WWF-Malaysia reviewing sexual harassment allegations by former staff

WWF-Malaysia reviewing sexual harassment allegations by former staff


PETALING JAYA,. Environmental conservation group World Wide Fund for Nature Malaysia (WWF-Malaysia) has launched a review in light of “troubling allegations” of sexual harassment within the organisation that was raised by a former employee.

Former WWF-Malaysia employee Rahayu Zulkifli, who had worked with the organisation for 10 years, took to social media platform Facebook to allege that sexual harassment complaints against an individual were “swept under the carpet” by people in authority.

Rahayu said that the recent sex scandals that hit film producer Harvey Weinstein, charitable organisation Oxfam, former US gymnastics national team doctor Larry Nassar, and the former coach of Crewe Alexandra football club Barry Bennell, had spurred her to share the alleged sexual harassment that took place in WWF-Malaysia.

“Numerous complaints were lodged against an individual who took advantage of junior female staff and was sexually harassing them.

“Numerous complaints were lodged with senior management, but as far as we all knew, no action was taken against the perpetrator,” she posted on Facebook.

She said that the alleged perpetrator eventually left WWF-Malaysia of his own accord.

Rahayu told The Star that the victims had came to her with complaints of sexual harassment, and she told them to lodge complaints with the human resources department.

However, she said the victims were “quietly told to drop their cases” on the grounds that there was no evidence and that it would cause them more trauma and embarrassment if the cases were pursued.

She said that the alleged perpetrator was good at his job, and considered an “asset” to the organisation.

“Basically, the whole thing was swept under the carpet by the people in authority,” said Rahayu.

She said that she wanted to share what had transpired at WWF-Malaysia to create awareness on sexual harassment.

“I want everyone to know that we must not let these kinds of cases be swept under the carpet.

“No matter how high up in the organisation chart, no matter how valuable an asset the person is, we must not keep quiet about such things,” she said.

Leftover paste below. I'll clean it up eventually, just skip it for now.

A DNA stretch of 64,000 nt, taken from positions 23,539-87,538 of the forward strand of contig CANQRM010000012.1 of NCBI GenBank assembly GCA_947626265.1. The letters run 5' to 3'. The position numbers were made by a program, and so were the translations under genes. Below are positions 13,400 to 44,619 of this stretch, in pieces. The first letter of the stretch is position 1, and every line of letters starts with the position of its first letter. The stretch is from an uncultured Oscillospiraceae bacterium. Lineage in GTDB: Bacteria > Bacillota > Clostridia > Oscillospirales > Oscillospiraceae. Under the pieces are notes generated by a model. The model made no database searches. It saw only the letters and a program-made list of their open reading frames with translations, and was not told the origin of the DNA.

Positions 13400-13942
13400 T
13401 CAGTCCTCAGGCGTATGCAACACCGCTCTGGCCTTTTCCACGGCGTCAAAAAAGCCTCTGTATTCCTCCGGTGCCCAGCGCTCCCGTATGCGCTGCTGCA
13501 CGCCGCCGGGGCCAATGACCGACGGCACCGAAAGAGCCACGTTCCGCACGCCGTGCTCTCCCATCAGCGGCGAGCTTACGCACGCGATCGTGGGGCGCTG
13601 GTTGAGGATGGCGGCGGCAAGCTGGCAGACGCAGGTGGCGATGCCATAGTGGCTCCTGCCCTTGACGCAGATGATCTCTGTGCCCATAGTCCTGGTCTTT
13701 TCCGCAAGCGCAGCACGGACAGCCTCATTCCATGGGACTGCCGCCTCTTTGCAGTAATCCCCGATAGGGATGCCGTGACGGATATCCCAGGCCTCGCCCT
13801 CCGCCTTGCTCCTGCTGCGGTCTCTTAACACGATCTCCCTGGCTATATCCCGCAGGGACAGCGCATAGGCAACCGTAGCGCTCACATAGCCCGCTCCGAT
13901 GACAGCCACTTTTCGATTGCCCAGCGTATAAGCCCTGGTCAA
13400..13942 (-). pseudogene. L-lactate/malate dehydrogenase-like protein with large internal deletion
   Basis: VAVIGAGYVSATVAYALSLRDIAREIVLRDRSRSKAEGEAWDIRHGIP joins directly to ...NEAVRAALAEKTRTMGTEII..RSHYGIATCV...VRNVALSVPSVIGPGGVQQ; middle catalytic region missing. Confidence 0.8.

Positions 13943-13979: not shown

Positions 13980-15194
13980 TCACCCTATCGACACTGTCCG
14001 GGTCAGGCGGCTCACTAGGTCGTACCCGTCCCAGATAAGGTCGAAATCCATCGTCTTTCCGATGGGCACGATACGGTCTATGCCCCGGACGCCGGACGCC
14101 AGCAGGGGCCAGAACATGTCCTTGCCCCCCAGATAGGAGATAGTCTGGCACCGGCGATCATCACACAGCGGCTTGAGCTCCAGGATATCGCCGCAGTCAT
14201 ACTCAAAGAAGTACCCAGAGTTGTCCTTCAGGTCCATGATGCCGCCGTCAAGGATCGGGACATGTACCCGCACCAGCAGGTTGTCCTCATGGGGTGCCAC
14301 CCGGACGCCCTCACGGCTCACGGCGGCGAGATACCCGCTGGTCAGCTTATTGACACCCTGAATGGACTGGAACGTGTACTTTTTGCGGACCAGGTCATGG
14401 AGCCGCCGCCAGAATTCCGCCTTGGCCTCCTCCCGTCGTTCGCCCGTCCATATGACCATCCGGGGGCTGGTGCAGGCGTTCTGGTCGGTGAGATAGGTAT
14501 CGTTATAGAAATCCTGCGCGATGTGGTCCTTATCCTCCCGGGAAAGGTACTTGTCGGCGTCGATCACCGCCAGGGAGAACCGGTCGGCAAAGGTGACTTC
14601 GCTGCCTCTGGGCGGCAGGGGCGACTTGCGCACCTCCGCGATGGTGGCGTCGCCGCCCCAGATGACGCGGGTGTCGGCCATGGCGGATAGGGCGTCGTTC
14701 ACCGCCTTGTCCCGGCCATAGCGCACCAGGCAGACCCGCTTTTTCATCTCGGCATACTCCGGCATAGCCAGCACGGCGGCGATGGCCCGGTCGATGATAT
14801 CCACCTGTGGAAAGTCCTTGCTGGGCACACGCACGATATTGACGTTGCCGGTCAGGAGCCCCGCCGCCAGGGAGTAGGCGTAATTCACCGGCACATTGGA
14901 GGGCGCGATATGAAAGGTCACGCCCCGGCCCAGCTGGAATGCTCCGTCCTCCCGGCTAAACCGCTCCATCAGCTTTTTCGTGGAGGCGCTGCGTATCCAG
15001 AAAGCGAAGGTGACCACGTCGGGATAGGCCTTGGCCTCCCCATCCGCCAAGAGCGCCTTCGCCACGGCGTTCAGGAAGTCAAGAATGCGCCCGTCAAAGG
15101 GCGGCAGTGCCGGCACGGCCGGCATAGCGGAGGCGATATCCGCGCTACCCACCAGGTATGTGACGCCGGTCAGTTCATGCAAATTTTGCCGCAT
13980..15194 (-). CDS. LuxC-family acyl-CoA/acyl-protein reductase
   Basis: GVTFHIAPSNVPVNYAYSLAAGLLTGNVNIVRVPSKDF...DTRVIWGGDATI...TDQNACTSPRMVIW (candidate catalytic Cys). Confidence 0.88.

In a comment on Rahayu’s FB post, Linda (not her real name) said she was sexually harassed by her supervisor when she first joined WWF-Malaysia.

“There were remarks about my body, there were suggestions of room-sharing during a workshop at a neighbouring country, followed by offhand threats about my work performance when I refused to go,” she said.

Linda said she reported it to management, who allegedly warned her that everything about the case will become public and that she might be jeopardising her position and tarnishing the organisation’s name.

“They said I can proceed with my sexual harassment report if I can accept these consequences. It was my dream job and I was barely two months in, so what did you think I did?

“I did not feel there was any protection on my part as a victim so I dropped the ‘report’,” she said.

Linda alleged that she was later called to sit in a meeting with the perpetrator and a few others to listen to his “twisted version” of the incidents and his “insincere apology”.

“I felt pressured to accept it. The case was considered ‘resolved’,” she said.

“After that, one lady who was in the meeting told me that I was being over-sensitive, that my supervisor was harmless and I shouldn’t take his ‘jokes’ so seriously,” said Linda.

She said that she still had to report to her harasser for the next few years after the incident.

“It was painful, but I pretended as if I was okay,” she said. “I was not”.

Linda said she was not the only victim, and that she has spoken to women who had experienced similar encounters with the perpetrator.

“I am not seeking retribution. I loved my job, I loved my team and I loved the work. I only want my story told so that there are procedures in place to protect victims and not the perpetrator,” she said.

“I was a victim, but it is just now that I have found my voice,” she added.

The incidents are believed to have happened over an extended period ten years ago.

When contacted,WWF-Malaysia Executive Director and CEO Datuk Dr Dionysius Sharma said that WWF-Malaysia treated any allegation of misconduct by any staff member “extremely seriously”.

“This includes the allegations brought forward by former staff members via Facebook. We have immediately launched a review of these troubling allegations and although the relevant staff left the organisation some time ago, we will investigate this matter and continue to reach out to those who feel victimised,” he said.

“We are committed to listen to them and reassure them that we will do our best to address the grave concerns they have raised,” added Sharma.

He said that the organisation has a “zero tolerance approach to harassment” as outlined in its global code of conduct.

“We are determined to continually strengthen our policies to safeguard the rights of those who work with us. WWF-Malaysia wishes to state that the respect, security and dignity of all our staff and the people we work with are of paramount concern,” he said.

Sharma said that the conservation group also has whistleblowing policies where staff can raise their grievances.


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